The U.S. Economy: Just How Strong Is It?

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by: Elliott R. Morss
Summary

The American President regularly reminds us how well the US economy is doing.

But there is far more to the story than the aggregate numbers suggest.

It is time the US government started collecting data on what is really happening.

Elliott R. Morss, Ph.D. ©All Rights Reserved

Introduction

We hear that the US economic numbers are great: low unemployment, stock markets strong and manufacturing activity moving ahead at a good clip. But a recent piece by David Leonhardt in the New York Times with supporting data from Piketty, Zucman and Saez (PZS) indicates that the “usual” economic data do not tell the whole story. And far from it. PZS break income growth numbers down by income bracket. I have asked around if any agency in the Federal government does this. And with the exception of the Internal Revenue Service, the answer is no.

In the following, I highlight their findings.

1. A Static View - The Current Situation

Table 1 provides data for 2014, the most recent year in the PZS database. Note the income differentials: the post-tax average income for all was $46,500 while the top 1 percent earned $790,000. It is also clear from the table that government expenditure and tax policies reduced the income differentials substantially.

Table 1. - Income by Income Bracket, 2014

Source: Distributional National Accounts | Gabriel Zucman

2. How Things Have Changed

Table 2 indicates how incomes have changed over three time periods. Several things worth noting:

  • In the 1962-80 period, the income growth mainly occurred in the lower income brackets, with the largest rise (53%) happening in the bottom 50% of income earners.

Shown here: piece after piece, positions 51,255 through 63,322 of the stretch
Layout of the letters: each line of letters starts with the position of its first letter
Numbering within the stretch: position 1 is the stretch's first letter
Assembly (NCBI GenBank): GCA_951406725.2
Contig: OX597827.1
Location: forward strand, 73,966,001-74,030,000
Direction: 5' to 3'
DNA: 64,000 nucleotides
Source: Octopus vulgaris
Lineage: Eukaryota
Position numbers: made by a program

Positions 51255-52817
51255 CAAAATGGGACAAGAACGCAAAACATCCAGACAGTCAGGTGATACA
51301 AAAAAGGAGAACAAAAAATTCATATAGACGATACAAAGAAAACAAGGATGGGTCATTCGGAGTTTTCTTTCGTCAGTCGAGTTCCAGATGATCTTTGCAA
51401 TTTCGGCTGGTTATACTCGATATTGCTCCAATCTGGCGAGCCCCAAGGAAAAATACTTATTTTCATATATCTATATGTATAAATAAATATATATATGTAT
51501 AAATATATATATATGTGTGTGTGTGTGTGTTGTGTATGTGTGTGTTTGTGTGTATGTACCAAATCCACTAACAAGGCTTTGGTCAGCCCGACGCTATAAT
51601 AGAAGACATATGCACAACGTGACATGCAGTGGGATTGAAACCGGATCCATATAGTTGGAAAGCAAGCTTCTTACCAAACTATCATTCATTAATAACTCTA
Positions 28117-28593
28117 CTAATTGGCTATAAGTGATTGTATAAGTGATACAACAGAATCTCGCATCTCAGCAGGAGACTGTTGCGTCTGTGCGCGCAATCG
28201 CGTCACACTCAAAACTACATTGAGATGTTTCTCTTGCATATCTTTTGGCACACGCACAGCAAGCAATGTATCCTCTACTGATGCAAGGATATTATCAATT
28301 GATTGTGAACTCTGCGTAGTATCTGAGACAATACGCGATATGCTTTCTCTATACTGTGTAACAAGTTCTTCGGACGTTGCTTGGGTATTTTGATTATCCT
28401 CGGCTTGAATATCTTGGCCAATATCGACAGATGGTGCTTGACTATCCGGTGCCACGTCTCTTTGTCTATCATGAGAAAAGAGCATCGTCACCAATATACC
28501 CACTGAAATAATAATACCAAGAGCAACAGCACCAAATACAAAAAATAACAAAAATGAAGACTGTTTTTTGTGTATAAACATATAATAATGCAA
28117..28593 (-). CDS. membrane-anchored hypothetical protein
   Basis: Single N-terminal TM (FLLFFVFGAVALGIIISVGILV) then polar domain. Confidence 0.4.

• But from 1980 on, growth was highest in the top income brackets.
  • The income of the lowest 50% of income earners has not recovered to the level it was before the 2008 – 09 banking collapse/global recession.

Table 2. – Post Tax Growth in Income, by Income Bracket

Source: Distributional National Accounts | Gabriel Zucman

I quote from Leonhardt:

The financial crisis remains the most influential event of the 21st century. It left millions of people — many of whom were already anxious about the economy — feeling much more anxious, if not downright angry. Their frustration has helped create a threat to Western liberal democracy that would have been hard to imagine a decade ago. Far-right political parties are on the rise across Europe, and Britain is leaving the European Union. The United States elected a racist reality-television star who has thrown the presidency into chaos.

As the following figure from PZS suggests, US government taxes and transfers have moderated income differentials somewhat.

But the following graph from PZS indicates what is really happening. Note that the constant dollar income of the bottom 50% is about what it was in 1980!

Looking Ahead

To understand what is happening, it is important to understand what is “driving” US growth. I have written extensively about the information revolution and labor-saving automation in particular. I conclude that income distribution is likely to get worse as entrepreneurs continue to replace workers with labor saving technologies. This has little to do with “conspiracies at the top.” This is all about entrepreneurs choosing to invest in technologies instead of hiring more workers. And one sees these technologies being applied in almost all goods producing and service industries.

These lead to a larger question that I cannot answer: what will the world do with the large populations for whom there is no work?

So to answer the question proposed in the title: the US economy is not doing at all well for a large segment of its population. And it is time the US government started collecting data on this issue. More specifically, the US Bureau of Economic Analysis and/or the US Bureau of Labor Statistics should start collecting income growth data by income bracket.

Disclosure: I/we have no positions in any stocks mentioned, and no plans to initiate any positions within the next 72 hours. I wrote this article myself, and it expresses my own opinions. I am not receiving compensation for it. I have no business relationship with any company whose stock is mentioned in this article.